Philosophy In Classical India

Philosophy In Classical India

by Jonardon Ganeri
     
 

This original work focuses on the rational principles of Indian philosophical theory, rather than the mysticism more usually associated with it. Ganeri explores the philosophical projects of a number of major Indian philosophers and looks into the methods of rational inquiry deployed within these projects. In so doing, he illuminates a network of mutual reference,

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Overview

This original work focuses on the rational principles of Indian philosophical theory, rather than the mysticism more usually associated with it. Ganeri explores the philosophical projects of a number of major Indian philosophers and looks into the methods of rational inquiry deployed within these projects. In so doing, he illuminates a network of mutual reference, criticism, influence and response, in which reason is used to call itself into question. This fresh perspective on classical Indian thought unravels new philosophical paradigms, and points towards new applications for the concept of reason.

Product Details

ISBN-13:
9780415240345
Publisher:
Taylor & Francis
Publication date:
05/29/2001
Pages:
216
Product dimensions:
6.14(w) x 9.21(h) x 0.50(d)

Table of Contents

Introduction1
1The motive and method of rational inquiry7
1.1Early recognition of a 'practice of reason'7
1.2Rationality in the Nyayasutra10
1.3Rationality and the ends of life15
1.4Perception17
1.5Mind, attention and the soul22
1.6Rationality and extrapolation25
1.7Rationality and debate28
1.8Reason, scripture and testimony35
1.9Reason's checks and balances37
2Rationality, emptiness and the objective view42
2.1Thought and reality42
2.2Emptiness and the objective view43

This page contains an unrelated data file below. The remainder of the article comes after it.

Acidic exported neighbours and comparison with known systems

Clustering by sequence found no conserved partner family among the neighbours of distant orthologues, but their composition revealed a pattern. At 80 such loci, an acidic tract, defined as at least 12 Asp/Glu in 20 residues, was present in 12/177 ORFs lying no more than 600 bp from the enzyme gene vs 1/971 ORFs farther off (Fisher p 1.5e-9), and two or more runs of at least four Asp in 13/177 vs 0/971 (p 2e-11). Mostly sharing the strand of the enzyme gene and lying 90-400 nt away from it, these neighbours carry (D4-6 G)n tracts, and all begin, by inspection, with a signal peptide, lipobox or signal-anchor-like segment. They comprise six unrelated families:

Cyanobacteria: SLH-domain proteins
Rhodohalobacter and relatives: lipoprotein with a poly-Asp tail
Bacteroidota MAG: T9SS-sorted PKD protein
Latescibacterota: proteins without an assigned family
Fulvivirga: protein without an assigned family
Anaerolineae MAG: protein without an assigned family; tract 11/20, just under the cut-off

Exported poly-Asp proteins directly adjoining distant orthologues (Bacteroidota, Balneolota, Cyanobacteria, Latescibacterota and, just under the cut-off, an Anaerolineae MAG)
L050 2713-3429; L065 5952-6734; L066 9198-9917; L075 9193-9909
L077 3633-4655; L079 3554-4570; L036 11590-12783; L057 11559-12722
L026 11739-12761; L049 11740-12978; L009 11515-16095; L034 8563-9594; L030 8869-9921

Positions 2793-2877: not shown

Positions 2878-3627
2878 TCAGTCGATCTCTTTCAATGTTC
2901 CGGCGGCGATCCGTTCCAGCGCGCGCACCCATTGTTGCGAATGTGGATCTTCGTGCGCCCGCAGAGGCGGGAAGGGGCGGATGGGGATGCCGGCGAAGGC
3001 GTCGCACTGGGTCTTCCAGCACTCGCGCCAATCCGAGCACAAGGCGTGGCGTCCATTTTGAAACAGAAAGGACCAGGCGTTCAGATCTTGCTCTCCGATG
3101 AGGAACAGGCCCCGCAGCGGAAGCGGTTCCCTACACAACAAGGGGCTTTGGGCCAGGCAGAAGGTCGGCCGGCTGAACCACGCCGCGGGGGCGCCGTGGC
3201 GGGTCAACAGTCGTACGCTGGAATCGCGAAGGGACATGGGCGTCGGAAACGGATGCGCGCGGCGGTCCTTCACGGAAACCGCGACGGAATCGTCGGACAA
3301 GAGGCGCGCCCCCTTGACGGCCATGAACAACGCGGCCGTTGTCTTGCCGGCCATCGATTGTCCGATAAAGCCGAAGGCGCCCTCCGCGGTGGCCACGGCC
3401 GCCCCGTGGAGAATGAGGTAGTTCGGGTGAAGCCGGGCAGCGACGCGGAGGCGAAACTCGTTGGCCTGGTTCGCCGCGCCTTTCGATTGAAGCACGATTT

2.3Rationality in Madhyamaka47
2.4On causation51
2.5The impossibility of proof58
2.6A new paradox of motion63
2.7Self-refutation66
3The rational basis of metaphysics71
3.1Order in nature71
3.2The categorial hierarchy72
3.3The structure of the world77
3.4The taxonomy of natural kinds79
3.5Absence as a type of entity82
3.6Higher-order absence85
3.7Navya-Nyaya logic89
3.8Number91
4Reduction, exclusion and rational reconstruction97
4.1How to practice poverty in metaphysics97
4.2A skeletal ontology98
4.3Marking and similarity100
4.4The role of language in conceptual construction104
4.5The exclusion theory of meaning106
4.6Sentence meaning111
4.7Conditions on rational extrapolation114
4.8Reasoning from specifics118
4.9Are reason-target relations law-like?121
4.10The problem of grounding123
5Rationality, harmony and perspective128
5.1A rationality of reconciliation128
5.2The many-sided nature of things128
5.3Disagreement defused130
5.4The epistemology of perspective134
5.5The logic of assertion137
5.6Assertion and the unassertible141
5.7The mark of a good reason144
5.8Integration and complete knowledge147
6Reason in equilibrium151
6.1Reason and the management of doubt151
6.2The burden of proof153
6.3Criteria for rational rejection155
6.4Supposition and pretence158
6.5A new doxastic ascent159
6.6Epistemic equilibrium162
Notes169
Texts184
Bibliography192
Index203

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